Sometimes it is a matter of the author translating their own work into English or writing some fiction in English directly, as with Tidbeck. Sometimes, as with the Leena Krohn Collected Fiction, we acquire rights to existing out-of-print translations and supplement that with new translations by a variety of translators. Collected Fiction has 8 or 9 translators, and we enlisted the help of Finnish fiction writers like Viivi Hyvonen and Leena Likitalo, who we felt would bring their writerly sensibilities to the job. J. Robert Tupasela provided additional translations and served as a consulting editor. And Hildi Hawkins was a stalwart—in that most existing translations of Krohn’s work had been by her. Then, of course, you check your work with the writer. So the larger projects it’s more like editing an anthology—a lot of moving parts and decisions to make.
What role do you see translated speculative fiction playing the larger genre pool?
In the English-language world, we’re impoverished, I believe, if we don’t have access to the full picture. We like to center ourselves in the middle of SF/fantasy when, in fact, you could do an entire big anthology of twenty-century Latin American SF/Fantasy that would be the equal of anything from US/UK writers. So it’s really important to foster a cosmopolitan, open attitude toward works from other countries—both in translation and in English, because sometimes writings by non-UK/US/Australia writers written in English are made invisible, too. But when this happens it is to our detriment most of all. No one wants to wind up living in a literary provincial backwater—and without the totality of world literature, that’s what happens. But also—this stuff is immensely entertaining and fun and beautifully written. Who wouldn’t want that?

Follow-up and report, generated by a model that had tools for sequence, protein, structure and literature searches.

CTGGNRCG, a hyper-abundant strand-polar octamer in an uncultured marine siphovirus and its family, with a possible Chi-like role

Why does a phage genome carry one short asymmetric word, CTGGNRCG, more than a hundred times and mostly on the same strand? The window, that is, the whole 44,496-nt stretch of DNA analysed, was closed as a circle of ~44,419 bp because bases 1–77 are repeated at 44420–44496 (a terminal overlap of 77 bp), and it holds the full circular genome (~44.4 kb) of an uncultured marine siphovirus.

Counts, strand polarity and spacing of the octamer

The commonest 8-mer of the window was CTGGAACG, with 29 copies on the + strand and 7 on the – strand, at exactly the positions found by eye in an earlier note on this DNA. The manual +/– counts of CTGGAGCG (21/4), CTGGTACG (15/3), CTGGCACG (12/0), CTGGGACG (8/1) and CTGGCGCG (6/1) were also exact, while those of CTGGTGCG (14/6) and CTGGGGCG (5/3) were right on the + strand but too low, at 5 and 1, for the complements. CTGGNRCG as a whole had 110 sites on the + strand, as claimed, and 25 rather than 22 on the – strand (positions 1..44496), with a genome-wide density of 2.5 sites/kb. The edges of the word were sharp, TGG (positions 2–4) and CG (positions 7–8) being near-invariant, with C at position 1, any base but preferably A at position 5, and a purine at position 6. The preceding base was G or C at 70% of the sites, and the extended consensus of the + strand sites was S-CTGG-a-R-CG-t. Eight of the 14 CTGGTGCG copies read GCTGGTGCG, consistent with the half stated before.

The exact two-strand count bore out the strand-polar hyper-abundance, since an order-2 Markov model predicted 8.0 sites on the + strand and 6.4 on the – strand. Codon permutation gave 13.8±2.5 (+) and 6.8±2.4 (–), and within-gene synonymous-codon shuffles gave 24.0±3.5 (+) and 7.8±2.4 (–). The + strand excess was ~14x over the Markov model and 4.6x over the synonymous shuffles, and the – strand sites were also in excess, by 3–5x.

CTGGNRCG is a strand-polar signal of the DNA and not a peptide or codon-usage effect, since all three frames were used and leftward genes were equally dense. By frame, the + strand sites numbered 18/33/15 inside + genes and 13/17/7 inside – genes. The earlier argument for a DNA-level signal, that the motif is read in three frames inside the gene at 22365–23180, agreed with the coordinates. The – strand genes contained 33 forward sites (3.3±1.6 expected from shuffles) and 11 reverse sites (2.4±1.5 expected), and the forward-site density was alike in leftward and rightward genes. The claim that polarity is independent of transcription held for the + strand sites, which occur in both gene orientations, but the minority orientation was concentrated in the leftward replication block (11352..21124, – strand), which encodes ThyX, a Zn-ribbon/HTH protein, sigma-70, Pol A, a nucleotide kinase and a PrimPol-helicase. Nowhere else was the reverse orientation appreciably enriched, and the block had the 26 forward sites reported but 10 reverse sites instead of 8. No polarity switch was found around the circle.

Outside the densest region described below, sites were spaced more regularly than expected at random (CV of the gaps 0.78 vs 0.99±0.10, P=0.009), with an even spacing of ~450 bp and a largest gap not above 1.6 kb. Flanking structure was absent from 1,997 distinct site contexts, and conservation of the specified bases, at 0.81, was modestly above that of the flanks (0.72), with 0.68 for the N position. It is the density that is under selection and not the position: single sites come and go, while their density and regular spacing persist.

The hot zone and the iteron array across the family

What translations do you have coming up that you’re particularly excited for?
The Krohn project, all 850 pages of it, has taken up so much of our time that I can’t even think ahead that far. But I would point readers to both Pasi Jääskeläinen’s recent Rabbit Back Literature Society and Johanna Sinisalo’s forthcoming The Core of the Sun (Grove Press).
Not to mention these remarkable fantastical works in translation published by mainstream literary houses in 2015. All of these books are amazing and entertaining.
- The Musical Brain by Cesar Aira, translated by Chris Andres (New Directions)
- The Librarian by Mikhail Elizarov translated by Andrew Bromfield (Pushkin Press)
- Beauty is a Wound by Eka Kurniawan, translated by Annie Tucker (New Directions)
- War, So Much War by Merce Rodoreda, translated by Maruxa Relano & Martha Tennent (Open Letter)
- Cat Country by Lao She, translated by William A. Lyell (Penguin Modern Classics)
Leena Krohn: Collected Fiction will be released on December 7th.